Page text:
COSO released a significant update of its well-known ERM-framework in late 2017. An executive summary is accessible on their website. The ERM community, especially the “COSO-istas” most eagerly awaited the update. Additionally, the wider stakeholder community was excited to see how the new framework will benefit businesses. I’m a fan of COSO because their approach is forward looking and tries to integrate strategy and performance with Enterprise Risk Management.
So far so good.
who is the target?
Once I started reading the executive summary, a few questions came to my mind. First, who is the target audience? Second, how many ERM-sceptics can this update convince? And lastly, where are the increased, practical benefits of this version versus its predecessors? I’ve shared some of my supportive and critical views about the new framework in a few blogposts.
Lo and behold, pwc, one of the key contributors to the revision, published a blog reflecting on the “so what” question one year after the update. I really like the open and candid views in that blogpost. Hurdles, miss-conceptions, prejudices, resistance to change… not surprisingly, it’s all there. My advice: “NEVER EVER GIVE UP”. Having said that, it is no surprise to me that “take up” of the new framework probably isn’t where the authors envisaged it.
Talking to practitioners and clients across Asia, I noticed that the new framework needs significantly more marketing. It appears not to be known (almost) at all. Out of the many people I spoke to, only ONE (yes 1) appears to have read the new framework.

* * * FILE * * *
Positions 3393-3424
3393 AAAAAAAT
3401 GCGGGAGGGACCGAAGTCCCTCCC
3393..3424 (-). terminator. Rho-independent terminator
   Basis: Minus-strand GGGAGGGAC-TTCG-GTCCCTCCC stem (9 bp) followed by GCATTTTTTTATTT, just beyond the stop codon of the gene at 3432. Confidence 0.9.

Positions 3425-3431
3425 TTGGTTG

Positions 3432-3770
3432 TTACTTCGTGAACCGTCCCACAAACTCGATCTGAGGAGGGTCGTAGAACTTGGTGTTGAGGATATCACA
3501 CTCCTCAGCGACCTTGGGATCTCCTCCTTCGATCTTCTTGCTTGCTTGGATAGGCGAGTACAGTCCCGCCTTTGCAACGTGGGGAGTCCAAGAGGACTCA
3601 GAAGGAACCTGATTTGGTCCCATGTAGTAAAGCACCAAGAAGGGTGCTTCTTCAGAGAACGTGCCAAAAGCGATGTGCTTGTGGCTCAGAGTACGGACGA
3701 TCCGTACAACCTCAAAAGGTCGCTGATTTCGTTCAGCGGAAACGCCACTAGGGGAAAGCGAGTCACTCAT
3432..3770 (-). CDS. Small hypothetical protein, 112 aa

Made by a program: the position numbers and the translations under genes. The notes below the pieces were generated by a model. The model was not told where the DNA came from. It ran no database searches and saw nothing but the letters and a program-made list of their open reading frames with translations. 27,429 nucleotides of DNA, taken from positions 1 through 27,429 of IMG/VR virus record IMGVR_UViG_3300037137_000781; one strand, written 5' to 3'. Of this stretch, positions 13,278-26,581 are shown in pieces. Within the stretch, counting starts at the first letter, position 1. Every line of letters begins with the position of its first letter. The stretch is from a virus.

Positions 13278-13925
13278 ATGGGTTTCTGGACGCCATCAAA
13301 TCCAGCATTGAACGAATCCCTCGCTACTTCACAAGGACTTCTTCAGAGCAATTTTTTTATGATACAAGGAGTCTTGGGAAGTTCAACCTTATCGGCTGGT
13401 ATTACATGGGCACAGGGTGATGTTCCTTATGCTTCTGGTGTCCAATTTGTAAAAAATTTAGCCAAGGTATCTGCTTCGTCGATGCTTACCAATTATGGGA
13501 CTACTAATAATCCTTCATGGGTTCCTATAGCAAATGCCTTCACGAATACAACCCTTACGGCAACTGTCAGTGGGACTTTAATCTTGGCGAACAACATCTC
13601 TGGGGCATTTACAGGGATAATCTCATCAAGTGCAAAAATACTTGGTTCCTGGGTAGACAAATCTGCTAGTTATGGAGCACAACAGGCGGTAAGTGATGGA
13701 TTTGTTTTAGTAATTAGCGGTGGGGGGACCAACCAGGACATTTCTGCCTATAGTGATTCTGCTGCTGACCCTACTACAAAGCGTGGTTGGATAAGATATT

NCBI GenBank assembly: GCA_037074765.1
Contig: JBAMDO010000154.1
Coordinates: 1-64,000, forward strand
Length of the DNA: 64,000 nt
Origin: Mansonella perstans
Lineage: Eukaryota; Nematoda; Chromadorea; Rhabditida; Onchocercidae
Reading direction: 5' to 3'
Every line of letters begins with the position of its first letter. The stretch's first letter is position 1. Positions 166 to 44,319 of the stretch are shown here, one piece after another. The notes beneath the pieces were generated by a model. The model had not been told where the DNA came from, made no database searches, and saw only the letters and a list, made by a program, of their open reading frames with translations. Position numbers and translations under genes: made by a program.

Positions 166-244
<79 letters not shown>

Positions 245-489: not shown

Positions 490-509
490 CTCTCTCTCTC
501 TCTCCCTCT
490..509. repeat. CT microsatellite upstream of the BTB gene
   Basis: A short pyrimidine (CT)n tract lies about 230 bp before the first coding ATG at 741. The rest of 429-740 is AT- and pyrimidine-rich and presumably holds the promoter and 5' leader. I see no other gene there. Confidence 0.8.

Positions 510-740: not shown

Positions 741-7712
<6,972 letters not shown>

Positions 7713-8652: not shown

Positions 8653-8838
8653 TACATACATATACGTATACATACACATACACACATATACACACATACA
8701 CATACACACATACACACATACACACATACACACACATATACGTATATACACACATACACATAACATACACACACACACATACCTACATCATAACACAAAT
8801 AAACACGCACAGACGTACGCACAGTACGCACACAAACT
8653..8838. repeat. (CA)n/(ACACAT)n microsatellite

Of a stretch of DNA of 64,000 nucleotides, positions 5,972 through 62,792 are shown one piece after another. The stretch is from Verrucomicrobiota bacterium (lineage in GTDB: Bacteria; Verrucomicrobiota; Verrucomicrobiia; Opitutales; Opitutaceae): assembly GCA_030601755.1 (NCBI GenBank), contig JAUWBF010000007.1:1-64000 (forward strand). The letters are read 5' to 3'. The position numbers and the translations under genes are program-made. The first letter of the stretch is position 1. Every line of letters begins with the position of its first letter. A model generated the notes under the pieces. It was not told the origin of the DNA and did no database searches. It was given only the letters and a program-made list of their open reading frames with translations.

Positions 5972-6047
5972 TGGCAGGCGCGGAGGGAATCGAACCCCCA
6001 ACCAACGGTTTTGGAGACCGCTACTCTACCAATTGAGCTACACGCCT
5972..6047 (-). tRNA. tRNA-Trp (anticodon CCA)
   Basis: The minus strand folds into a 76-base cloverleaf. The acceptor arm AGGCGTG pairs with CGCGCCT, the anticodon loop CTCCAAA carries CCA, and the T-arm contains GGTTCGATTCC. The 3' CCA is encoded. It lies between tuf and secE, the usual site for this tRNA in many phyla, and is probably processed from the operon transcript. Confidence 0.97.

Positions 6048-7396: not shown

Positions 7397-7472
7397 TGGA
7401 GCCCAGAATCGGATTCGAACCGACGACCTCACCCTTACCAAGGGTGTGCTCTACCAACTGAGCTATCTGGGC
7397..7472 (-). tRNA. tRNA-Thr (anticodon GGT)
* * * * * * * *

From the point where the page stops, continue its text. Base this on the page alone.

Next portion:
I have a few suggestions
The effort to summarise the entire approach into a picture is a great endeavour. However, this double-triple helix (*) needs to be simplified and made more tangible. Only then, business leaders will buy into it. In plain simple English: the current depiction is too complicated.
Nothing beats tangible, $$$-denominated examples. Concepts and frameworks are great, but ultimately businesses will only buy into it, once they see tangible top and bottom line benefits. Preferably, these benefits are palpable within the coming quarter or two. Dear reader: I “hear” you screaming that ERM is a long-term strategic undertaking,,,, but after all,,,,, sales and results drive a business.
I’m also cognisant that a special compendium with “real life” cases has been released. However, why do we need to buy and read even another document to convince us that the first document (the framework) is a good thing? Somehow counter-intuitive..
Whenever I speak or write about ERM, I make a point to emphasise the tangible benefits of good ERM for the business. The benefits come in various shapes and forms:
better understanding of new risks can be transformed into new business